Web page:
Economies of scale mean that in a large chain of hairdressers only one administrator can track all the qualifications of the stylists, book all the appointments and make tea and sweep up in all the salons across the whole country.

    At the same time Hairdresser at hand and Barberon are competing to develop a new paradigm in coiffure. The online barbarism apps allow the young, fit, and hirsute to have their own selection of cranial topiary, martini style.

    Traditional barbers and stylists in quaint back street chop shops are being outpaced by this disruptive technology. Ed the scissors said " young people will miss us when we're gone the knowledge we have of which way their parting goes is indispensable."

    Spokesperson for Barberon states that 85% of hair dos can be done online. He seriously intends to sell his stake in the business for several million. He has advised his investors in a clear regulatory statement that 'there is absolutely no way you will make any money from this in your lifetime. Look we can only pay the day to day bills by stealing the cash from the cafe next door, and trading barber poles on the second hand market.'

    Hairdressing regulators and trades descriptions officers have been accused of taking bribes. They have repeatedly stated that online haircutting is a matter for the clients and that if the national hairdressing budget is all syphoned off to panama it will not have been their fault.

    Wicileeks was unable to cover the story due to current legal difficulties. Private eye did a 16 page spread, attracting the disbelief of hundreds of political watchers, but who forgot about it after their next editorial meeting.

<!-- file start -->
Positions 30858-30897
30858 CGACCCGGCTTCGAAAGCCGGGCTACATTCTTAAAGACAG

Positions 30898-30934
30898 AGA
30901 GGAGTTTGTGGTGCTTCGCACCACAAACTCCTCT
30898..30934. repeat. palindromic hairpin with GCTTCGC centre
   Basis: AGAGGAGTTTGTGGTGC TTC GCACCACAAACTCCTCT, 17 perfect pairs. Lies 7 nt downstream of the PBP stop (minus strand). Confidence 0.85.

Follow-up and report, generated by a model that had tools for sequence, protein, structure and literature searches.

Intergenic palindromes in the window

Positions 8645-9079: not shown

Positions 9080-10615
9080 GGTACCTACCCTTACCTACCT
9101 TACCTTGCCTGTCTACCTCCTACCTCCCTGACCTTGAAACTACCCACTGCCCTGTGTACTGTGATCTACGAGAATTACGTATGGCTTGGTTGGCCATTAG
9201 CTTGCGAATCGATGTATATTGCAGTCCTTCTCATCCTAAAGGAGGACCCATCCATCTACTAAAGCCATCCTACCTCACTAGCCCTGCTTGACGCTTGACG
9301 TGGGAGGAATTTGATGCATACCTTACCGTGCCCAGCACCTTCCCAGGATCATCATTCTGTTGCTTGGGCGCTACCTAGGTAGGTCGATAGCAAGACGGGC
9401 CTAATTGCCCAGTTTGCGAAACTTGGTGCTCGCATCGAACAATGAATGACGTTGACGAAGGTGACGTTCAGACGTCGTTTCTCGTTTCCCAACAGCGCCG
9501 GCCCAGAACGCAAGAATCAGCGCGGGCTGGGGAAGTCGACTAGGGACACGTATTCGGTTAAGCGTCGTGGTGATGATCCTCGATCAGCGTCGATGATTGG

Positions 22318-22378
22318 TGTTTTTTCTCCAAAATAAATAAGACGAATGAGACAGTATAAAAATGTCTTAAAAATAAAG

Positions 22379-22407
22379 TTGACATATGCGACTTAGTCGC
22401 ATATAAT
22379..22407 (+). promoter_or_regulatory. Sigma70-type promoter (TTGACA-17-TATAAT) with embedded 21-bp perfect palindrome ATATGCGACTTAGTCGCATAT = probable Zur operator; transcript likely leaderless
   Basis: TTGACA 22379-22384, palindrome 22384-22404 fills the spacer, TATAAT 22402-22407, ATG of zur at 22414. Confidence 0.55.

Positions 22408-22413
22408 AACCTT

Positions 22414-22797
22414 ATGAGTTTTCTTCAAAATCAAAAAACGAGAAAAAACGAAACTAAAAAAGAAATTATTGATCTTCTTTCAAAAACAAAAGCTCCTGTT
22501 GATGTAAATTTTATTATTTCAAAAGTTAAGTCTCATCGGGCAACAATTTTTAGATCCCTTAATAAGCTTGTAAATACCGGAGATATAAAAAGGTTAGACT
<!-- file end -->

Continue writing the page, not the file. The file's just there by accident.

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  • By the time they realize what they have done we will all be gone,this will be happening within the next 5 years.Total system collapse as more and more get caught in the workload/tax/pension/regulation/administration etc etc etc poison septic tank and decide to jump ship.?Can they run a system on locums alone mmmm.

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  • Maybe, just maybe, they are trying to improve it using ..... Homeopathy?
    Dilute it repeatedly with something inoffensive and then bang it repeatedly on the table.
    Hey Presto
    (coming to a practice near you soon - genius)

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  • Well said Copperfield. Thanks for taking a pick axe to the mega practice movement. why can no one see that 70 years of natural evolution produced no mega practices but lots of medium sized ones? The doctors and the patients organised themselves into the most efficient and happy work places and general practice used to be the jewel in the NHS crown. We lose it at our peril.

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  • Hear hear
    It’s time hardworking doctors in small practices were heard
    However the genie is out of the bottle and most GPs are realising that need a healthy work life balance and are not able to have what the government have previously call “work intensification” ( aka “worked to death”) forced on them and like the OOH changes the profession will now want a healthy lifestyle for themselves as well as for patients
    Hence early retirement, locum work etc is flourishing

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  • Just been to denmark and worked in v high quality practice which is big by their standards. 4 partners and 6000 patients. They can’t understand how megapractices can keep continuity or be more efficient